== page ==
Friday, February 14, 2014

Contemplating Valentine’s Day

I think it’s fair to say that, generally speaking, men don’t like Valentine’s Day and women do. Men don’t like feeling pressured to be excessively romantic and having to express their emotions, not to mention spending money. Women like it when men are mushy, especially if they usually aren’t, and getting to hear a sometimes-rare “I Love You” is a thing of joy. And we like getting flowers and chocolate; gifts, period. I believe lesbians feel the same as straight women about Valentine's Day, but their relationships are usually more touchy-feely than straight relationships anyway. I can't speak for gay men.

The best Valentine’s present I ever got was a shipment of filet mignons from Omaha Steaks. It felt very sexy to be the kind of woman who inspired a gift of raw meat. His card was restrained, but since we had only been dating for six weeks when Valentine’s Day rolled around, I didn’t mind. I gave him a shirt – pedestrian, I know, but I couldn’t afford a gold cigarette case. My card to him was one with the photo above in which I wrote a correspondingly sexy message inside. Both of us were pleased.

Some people, men and women, straight and gay, reject Valentine’s Day because they view it as a Capitalist conspiracy among the greeting card, flower and candy industries (which, in the business of marketing, would be considered a clever “cross promotion”). I think that’s rather cynical and humorless, even if it’s become true. However, historically, Valentine’s Day dates back to Ancient Rome, 270CE, when an imprisoned priest was martyred by Emperor Claudius II for falling in love with his jailer’s daughter and sending her a letter signed “from your Valentine.” Priests weren't celibate yet, but those old Romans didn't like Christians, so he couldn't win for losing either way.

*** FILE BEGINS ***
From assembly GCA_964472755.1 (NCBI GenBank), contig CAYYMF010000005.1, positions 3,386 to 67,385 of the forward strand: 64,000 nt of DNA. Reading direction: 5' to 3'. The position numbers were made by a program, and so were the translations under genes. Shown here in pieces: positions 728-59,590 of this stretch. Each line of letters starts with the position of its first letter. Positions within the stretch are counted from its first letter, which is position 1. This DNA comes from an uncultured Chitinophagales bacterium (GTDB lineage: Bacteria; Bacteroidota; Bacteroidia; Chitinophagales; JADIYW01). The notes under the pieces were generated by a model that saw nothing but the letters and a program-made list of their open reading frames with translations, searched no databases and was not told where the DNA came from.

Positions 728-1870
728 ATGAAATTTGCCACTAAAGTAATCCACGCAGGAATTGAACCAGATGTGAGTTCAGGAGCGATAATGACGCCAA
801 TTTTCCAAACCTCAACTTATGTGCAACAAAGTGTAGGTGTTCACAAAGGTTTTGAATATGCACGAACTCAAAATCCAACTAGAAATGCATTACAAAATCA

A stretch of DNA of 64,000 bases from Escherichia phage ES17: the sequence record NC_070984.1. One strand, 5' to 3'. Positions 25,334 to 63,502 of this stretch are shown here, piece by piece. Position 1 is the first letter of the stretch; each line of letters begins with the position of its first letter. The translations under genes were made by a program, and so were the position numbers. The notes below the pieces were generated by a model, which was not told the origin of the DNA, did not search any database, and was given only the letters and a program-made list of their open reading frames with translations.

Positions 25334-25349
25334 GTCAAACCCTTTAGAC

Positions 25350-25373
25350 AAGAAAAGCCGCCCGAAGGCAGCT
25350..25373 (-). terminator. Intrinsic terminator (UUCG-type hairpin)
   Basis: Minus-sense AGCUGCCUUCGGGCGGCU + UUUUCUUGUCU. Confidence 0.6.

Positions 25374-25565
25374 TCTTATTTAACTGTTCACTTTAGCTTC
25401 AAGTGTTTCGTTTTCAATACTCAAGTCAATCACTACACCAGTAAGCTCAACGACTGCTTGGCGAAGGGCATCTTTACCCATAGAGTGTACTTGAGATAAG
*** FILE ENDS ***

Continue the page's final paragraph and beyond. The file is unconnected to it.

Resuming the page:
What is now an annual holiday is also connected to a Roman spring fertility festival and evolved into a Day of Romance by the 14th Century. Printed Valentine cards made their U.S. debut in the mid-1800s and traditional gifts were already chocolate and flowers, particularly red roses: the Roman symbol of love and beauty. The Valentine’s Day tradition endured and is celebrated in the US, England, Canada, France, Mexico and Australia, among other countries.

Like many women, I enjoy Valentine’s Day when I have a man in my life and don’t when I don’t. I don’t this year, but I’m not feeling bummed out. This country is in such a state of turmoil, division, anger, want, greed, and need (I really think America is having a nervous breakdown) that I welcome anything pleasant and that celebrates love when hate is going around like the flu.

I painfully miss affection and believe the lack of it is truly unhealthy. There was a study many years ago that separated a bunch of babies in an orphanage or hospital or some such into two groups. One group got a lot of holding, fondling, kissing, cuddling, etc. and the other group got none. The untouched group constantly cried and fussed, ate and slept poorly, and were just cranky little miserables all the time. The coddled group was the complete opposite. I don’t think this changes as we grow up, especially when we mature into sexual beings, as well.

And some kind of love and affection is, I believe, markedly important for the aging and elderly. I wouldn’t be surprised if some future study discovered a connection between a lack of affection and the development of severe depression and even Alzheimer’s and other forms of dementia. I don’t think it takes scientific genius to figure out that when people aren’t touched for extended periods, they literally lose their minds; affection is as basic a need as food, water, clothing, and shelter.

So, this Valentine’s Day, I’m thinking lovely thoughts. I’m remembering how lucky I was to have had a very loving, affectionate mother, and, how sweet it was when I had certain men in my life (others provided the emotional sustenance of a rock). I’m remembering my half-aunt Mildred (long story…) who, after many years of being widowed, had the courage to marry a second time at the age of 66 (and the even greater courage to divorce him at 76). 

I’m happy for everyone I know – and even those I don’t – who are fortunate to have a Valentine, and I wish all of you a happy, loving Valentine's Day. For those of you who don't have a significant other but want one, I hope you find one soon. And because I haven’t given up hope, I’m thinking positively and looking forward to my own next one. This fat lady ain’t singin’ yet.

1 comment:

Anonymous said...

Here's a hug from an old friend. Pax et Amor, Susan